Pentagon’s Take: Rep. Gaetz’s UFO Sighting Likely a Balloon

Philip Yabut /
Philip Yabut /

Republican lawmakers are not backing down in their demand for more transparency regarding UFO sightings, despite a recent report from the Pentagon suggesting a mundane explanation for a mysterious object witnessed near Eglin Air Force Base in Florida.

Rep. Matt Gaetz (R-Fla.) spoke at a congressional hearing in July 2023 about a UFO sighting from January 26, 2023, near Eglin Air Force Base. The Pentagon’s recent report suggests that what Rep. Gaetz described as a baffling object might have been nothing more than a “large form-factor balloon.”

This revelation comes amid ongoing debates about unidentified aerial phenomena (UAPs) and whether they have non-human origins. Just a month earlier, the Pentagon released a report challenging the notion that some UFOs defy explanation or are extraterrestrial, sparking criticism from lawmakers like Rep. Gaetz and Rep. Tim Burchett (R-Tenn.).

In his testimony, Rep. Gaetz emphasized the unique characteristics of the object, stating that it was unlike anything within human technological capabilities, including those of the United States or its adversaries. He and other Republican lawmakers, including Rep. Anna Paulina Luna (R-Fla.), have been pushing for access to evidence and data related to the sighting.

They raised concerns about military officials initially withholding access to flight data and the flight crew but eventually gaining permission to meet the pilot and examine radar signatures and photographs. During a test mission over the Gulf of Mexico, the pilot recounted encountering a group of four “craft” in a diamond formation. According to the pilot, one of these objects resembled a “large floating orb.”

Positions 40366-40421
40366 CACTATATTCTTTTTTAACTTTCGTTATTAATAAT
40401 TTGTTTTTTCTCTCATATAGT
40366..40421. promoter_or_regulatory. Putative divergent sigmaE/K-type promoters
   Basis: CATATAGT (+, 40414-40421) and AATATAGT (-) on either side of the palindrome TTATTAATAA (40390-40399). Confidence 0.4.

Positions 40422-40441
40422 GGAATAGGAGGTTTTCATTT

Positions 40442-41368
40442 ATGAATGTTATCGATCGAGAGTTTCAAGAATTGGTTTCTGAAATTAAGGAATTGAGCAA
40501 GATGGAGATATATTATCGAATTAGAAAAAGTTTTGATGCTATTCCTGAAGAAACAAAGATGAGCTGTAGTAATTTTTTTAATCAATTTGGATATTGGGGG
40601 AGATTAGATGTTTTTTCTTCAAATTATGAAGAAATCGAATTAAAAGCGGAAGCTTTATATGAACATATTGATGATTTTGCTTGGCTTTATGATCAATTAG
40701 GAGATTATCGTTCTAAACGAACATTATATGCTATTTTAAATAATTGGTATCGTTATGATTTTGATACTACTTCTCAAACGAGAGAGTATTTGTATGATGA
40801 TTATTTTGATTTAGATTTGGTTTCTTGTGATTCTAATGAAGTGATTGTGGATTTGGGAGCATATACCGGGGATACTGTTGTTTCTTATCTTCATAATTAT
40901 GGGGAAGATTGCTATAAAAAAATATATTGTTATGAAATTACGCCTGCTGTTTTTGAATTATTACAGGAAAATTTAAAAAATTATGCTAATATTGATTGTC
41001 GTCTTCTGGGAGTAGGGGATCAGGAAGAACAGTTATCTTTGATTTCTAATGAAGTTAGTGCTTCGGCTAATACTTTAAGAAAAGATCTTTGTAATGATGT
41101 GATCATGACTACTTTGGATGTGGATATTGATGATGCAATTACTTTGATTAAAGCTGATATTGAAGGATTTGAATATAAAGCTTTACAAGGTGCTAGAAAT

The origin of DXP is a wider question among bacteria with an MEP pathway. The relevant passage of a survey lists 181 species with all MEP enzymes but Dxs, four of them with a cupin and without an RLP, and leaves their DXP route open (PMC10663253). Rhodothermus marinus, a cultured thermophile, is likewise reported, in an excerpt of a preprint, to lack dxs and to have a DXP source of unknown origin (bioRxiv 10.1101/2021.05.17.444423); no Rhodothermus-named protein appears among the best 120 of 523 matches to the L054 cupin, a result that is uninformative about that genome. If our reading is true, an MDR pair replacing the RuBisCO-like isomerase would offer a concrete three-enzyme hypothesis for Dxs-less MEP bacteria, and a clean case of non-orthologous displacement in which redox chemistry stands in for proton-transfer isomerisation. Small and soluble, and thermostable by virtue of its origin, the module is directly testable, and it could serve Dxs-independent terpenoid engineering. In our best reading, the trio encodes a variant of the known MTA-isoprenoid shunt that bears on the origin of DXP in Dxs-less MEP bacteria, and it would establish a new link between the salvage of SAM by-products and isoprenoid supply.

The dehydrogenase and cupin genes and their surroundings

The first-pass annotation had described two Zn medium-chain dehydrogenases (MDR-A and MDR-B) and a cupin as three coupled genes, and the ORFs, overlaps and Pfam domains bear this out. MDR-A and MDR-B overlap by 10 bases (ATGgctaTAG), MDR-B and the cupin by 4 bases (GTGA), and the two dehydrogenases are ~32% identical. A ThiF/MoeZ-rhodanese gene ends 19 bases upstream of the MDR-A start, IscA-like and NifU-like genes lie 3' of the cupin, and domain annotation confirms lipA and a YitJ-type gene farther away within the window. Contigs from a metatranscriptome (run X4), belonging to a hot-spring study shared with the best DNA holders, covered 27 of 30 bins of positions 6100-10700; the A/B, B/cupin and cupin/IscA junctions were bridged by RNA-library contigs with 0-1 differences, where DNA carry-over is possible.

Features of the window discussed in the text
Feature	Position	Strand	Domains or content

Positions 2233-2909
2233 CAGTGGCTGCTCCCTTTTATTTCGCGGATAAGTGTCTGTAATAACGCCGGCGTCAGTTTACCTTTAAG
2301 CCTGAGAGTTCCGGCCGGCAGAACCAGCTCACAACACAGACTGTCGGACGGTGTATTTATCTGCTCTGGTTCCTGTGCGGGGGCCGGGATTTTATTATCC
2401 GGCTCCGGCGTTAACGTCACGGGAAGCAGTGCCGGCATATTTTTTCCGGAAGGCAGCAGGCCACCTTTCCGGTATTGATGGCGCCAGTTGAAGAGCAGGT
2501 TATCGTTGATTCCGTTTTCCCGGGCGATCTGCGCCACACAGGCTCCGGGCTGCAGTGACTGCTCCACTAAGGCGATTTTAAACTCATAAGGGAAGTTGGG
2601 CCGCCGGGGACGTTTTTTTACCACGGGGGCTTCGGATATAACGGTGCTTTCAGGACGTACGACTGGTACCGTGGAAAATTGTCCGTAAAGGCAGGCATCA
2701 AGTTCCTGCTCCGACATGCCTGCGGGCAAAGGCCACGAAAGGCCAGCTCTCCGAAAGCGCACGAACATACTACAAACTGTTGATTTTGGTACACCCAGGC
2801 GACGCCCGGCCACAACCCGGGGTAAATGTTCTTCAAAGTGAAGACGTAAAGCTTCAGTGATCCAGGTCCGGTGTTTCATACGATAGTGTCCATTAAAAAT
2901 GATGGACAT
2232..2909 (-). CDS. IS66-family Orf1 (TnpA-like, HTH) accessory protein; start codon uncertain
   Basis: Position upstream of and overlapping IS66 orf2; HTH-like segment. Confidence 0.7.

As the pilot approached, his radar system malfunctioned, and his thermal vision system failed, leading him to capture the object using the jet’s electro-optical/infrared sensor. The Pentagon acknowledged issues with the aircraft’s recording equipment. Still, it disputed some details mentioned by the pilot, such as the alleged presence of a vertically oriented engine.

Despite these discrepancies, the pilot described the object as distinct, including a paneled surface, orange-red coloring at the center, and a three-dimensional cone shape reminiscent of an Apollo spacecraft. He also noted a heat signature and what appeared to be a vertically oriented engine.

While the Pentagon’s report suggests a conventional explanation, Republican lawmakers like Rep. Gaetz remain skeptical. They call for more transparency and access to information related to UFO sightings. Their efforts reflect a broader interest in understanding and addressing potential national security implications associated with unidentified aerial phenomena.

Rep. Burchett echoed concerns about transparency and the allocation of taxpayer money for UFO research over several decades. He emphasized the need for clarity and honesty in government disclosures regarding UFO phenomena.

In the initial report, the Pentagon attributed the radar malfunction during the UFO incident near Eglin Air Force Base to a tripped circuit breaker, a recurring issue experienced on multiple flights. Despite the inability to pinpoint the cause of the fault, the Pentagon insists it was coincidental and not influenced by the object in question.

The Pentagon’s conclusion, reached with moderate confidence, leans towards the object being a “lighter-than-air object,” such as various balloons commonly used for outdoor events, construction purposes, or film sets. They specifically mention giant commercial helium balloons as a likely match based on characteristics observed in magnified infrared images.

This explanation mirrors past incidents like the 1976 UFO sighting in Iran, where a similar radar malfunction occurred when an F-4 jet approached a UFO. However, unlike the Iranian pilot, who regained control upon turning away from the object, the pilot near Eglin Air Force Base remained without radar functionality for the rest of the flight.

Rep. Matt Gaetz has expressed dissatisfaction with the Pentagon’s assessment, labeling the report as incomplete and calling for releasing all incident data, including radar signatures omitted from the report. This sentiment echoes concerns raised by FOIA expert John Greenewald Jr., who questions the Pentagon’s historical analysis of UFOs, particularly regarding incidents like the 1976 Iran sighting and the infamous Roswell incident.

Greenewald highlights inconsistencies in the Pentagon’s narrative, pointing out discrepancies between their claims and historical evidence, such as the timing of the invention of test dummies and the Pentagon’s previous denials of ongoing UFO interest beyond 1969.

Rep. Tim Burchett shares these concerns, emphasizing the need for transparency regarding taxpayer-funded UFO research spanning decades. For him, it’s not just about alien theories but about accountability and clarity in government spending and disclosures.